Man United Atop Football World’s Top Earners

Old Trafford Stadium, home to Manchester United
Old Trafford Stadium, home to Manchester United

Manchester United has retained its position as world football’s top earner, according to the latest annual “Money League” report by accountancy firm Deloitte.

United made £581 ($813) million during the 2016-17 season, piping Real Madrid to the top spot by just £1.5 million, the closest margin in the rich list’s 21 years, the Independent reported.

It is the 10th time the Old Trafford club has topped the Deloitte list, with its Europa League success being crucial to holding off Real, whose 12th Champions League win helped it swap places with Spanish rival Barcelona.

Bundesliga giants Bayern Munich held onto fourth spot and Manchester City stayed in fifth place with revenues of £454 ($635) million. Arsenal climbed to sixth, swapping places with Paris St Germain, and Chelsea, Liverpool and Juventus keep their places to round out the top 10.

In a statement, Deloitte Sports Business Group partner Dan Jones said: “United’s ability to retain first position is all the more impressive against the backdrop of the weakened pound against the euro. With both Real Madrid and Barcelona forecasting further revenue growth in 2017-18, the battle at the top will likely come down to on-pitch performance again next year. With all three clubs through to the round of 16 of the Champions League, it may be as simple as the club that goes furthest in the competition will have the best chance of topping the Money League next year.”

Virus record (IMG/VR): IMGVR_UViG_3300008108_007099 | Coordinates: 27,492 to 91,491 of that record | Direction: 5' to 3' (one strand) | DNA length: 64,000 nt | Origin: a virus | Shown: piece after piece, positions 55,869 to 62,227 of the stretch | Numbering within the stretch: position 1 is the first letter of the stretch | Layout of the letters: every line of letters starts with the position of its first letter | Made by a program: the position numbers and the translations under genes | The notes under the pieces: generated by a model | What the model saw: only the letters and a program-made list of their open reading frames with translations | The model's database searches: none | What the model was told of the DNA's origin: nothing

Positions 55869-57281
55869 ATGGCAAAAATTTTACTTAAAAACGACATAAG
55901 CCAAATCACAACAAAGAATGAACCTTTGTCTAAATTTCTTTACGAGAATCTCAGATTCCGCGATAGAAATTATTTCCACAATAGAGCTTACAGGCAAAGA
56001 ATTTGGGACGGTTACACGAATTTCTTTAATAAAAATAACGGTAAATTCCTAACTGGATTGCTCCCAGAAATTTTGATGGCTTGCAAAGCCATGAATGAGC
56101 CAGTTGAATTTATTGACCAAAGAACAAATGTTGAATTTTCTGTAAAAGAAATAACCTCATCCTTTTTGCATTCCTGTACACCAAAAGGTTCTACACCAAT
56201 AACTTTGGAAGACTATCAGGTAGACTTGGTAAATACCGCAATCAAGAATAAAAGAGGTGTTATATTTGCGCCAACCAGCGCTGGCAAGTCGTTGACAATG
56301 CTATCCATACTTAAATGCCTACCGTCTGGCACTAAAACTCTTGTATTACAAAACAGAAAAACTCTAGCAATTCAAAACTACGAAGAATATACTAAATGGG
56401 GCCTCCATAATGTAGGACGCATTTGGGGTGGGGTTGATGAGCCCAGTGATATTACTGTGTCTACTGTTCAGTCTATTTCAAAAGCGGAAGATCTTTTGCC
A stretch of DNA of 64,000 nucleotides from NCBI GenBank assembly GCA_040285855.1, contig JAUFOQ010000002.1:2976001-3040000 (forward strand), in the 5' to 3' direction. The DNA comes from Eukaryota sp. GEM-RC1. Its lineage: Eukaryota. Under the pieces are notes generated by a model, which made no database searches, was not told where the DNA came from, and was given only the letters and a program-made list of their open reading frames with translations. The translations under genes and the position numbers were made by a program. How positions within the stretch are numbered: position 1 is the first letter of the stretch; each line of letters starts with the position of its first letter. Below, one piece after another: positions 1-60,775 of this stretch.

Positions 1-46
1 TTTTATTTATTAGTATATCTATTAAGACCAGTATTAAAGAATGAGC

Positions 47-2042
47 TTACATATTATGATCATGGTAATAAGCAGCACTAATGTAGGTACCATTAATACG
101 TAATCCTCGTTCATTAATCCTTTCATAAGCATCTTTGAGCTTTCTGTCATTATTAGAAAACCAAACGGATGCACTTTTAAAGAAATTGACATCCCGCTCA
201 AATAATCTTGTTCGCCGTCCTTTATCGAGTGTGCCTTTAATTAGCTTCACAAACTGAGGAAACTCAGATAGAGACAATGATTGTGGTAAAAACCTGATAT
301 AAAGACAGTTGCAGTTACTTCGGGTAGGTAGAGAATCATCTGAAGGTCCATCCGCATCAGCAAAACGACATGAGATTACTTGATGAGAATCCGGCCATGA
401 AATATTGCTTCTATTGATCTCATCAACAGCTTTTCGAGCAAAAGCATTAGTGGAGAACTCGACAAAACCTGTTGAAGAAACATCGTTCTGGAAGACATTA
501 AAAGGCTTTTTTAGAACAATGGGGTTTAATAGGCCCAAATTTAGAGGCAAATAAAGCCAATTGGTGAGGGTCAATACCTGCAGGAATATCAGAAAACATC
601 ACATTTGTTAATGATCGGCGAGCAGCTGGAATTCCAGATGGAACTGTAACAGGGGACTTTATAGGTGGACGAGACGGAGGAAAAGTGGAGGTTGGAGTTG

United’s Europa League campaign was worth £39 ($54) million, a testament to both the size of the British market for televised football and UEFA’s efforts to raise the profile of the competition.

 Significant Presence of Premier League

Unlike some studies of football finances, Deloitte excludes revenues from player-trading but its numbers confirm several recent reports by other organizations, most notably last week’s report on European club football by UEFA. It also underlines the growing financial clout of the Premier League.

For example, Spurs overhauled Borussia Dortmund to take 11th place, with Leicester up six places to 14th, West Ham up one to 17th and Southampton and Everton new entries in 18th and 20th respectively.

Both Leicester and Southampton were buoyed by their involvement in European competitions but the Premier League’s record-breaking 10 teams in the top 20 is also a result of the improved domestic television deal that kicked in that season.

In fact, Premier League clubs nearly took half of the top 30 places recorded by Deloitte, with Crystal Palace, West Brom, Bournemouth and Stoke in 26th to 29th places.

Deloitte Sports Business Group senior manager Tim Bridge said the “Money League has a particularly English feel this year” thanks to over half a billion pounds of growth in broadcast and UEFA competition revenues for those in the top 20.

Bridge added that the upcoming auctions for the next cycle of Premier League domestic and international rights, starting from 2019-20, will be “crucial to determining the long-term composition of the Money League”.

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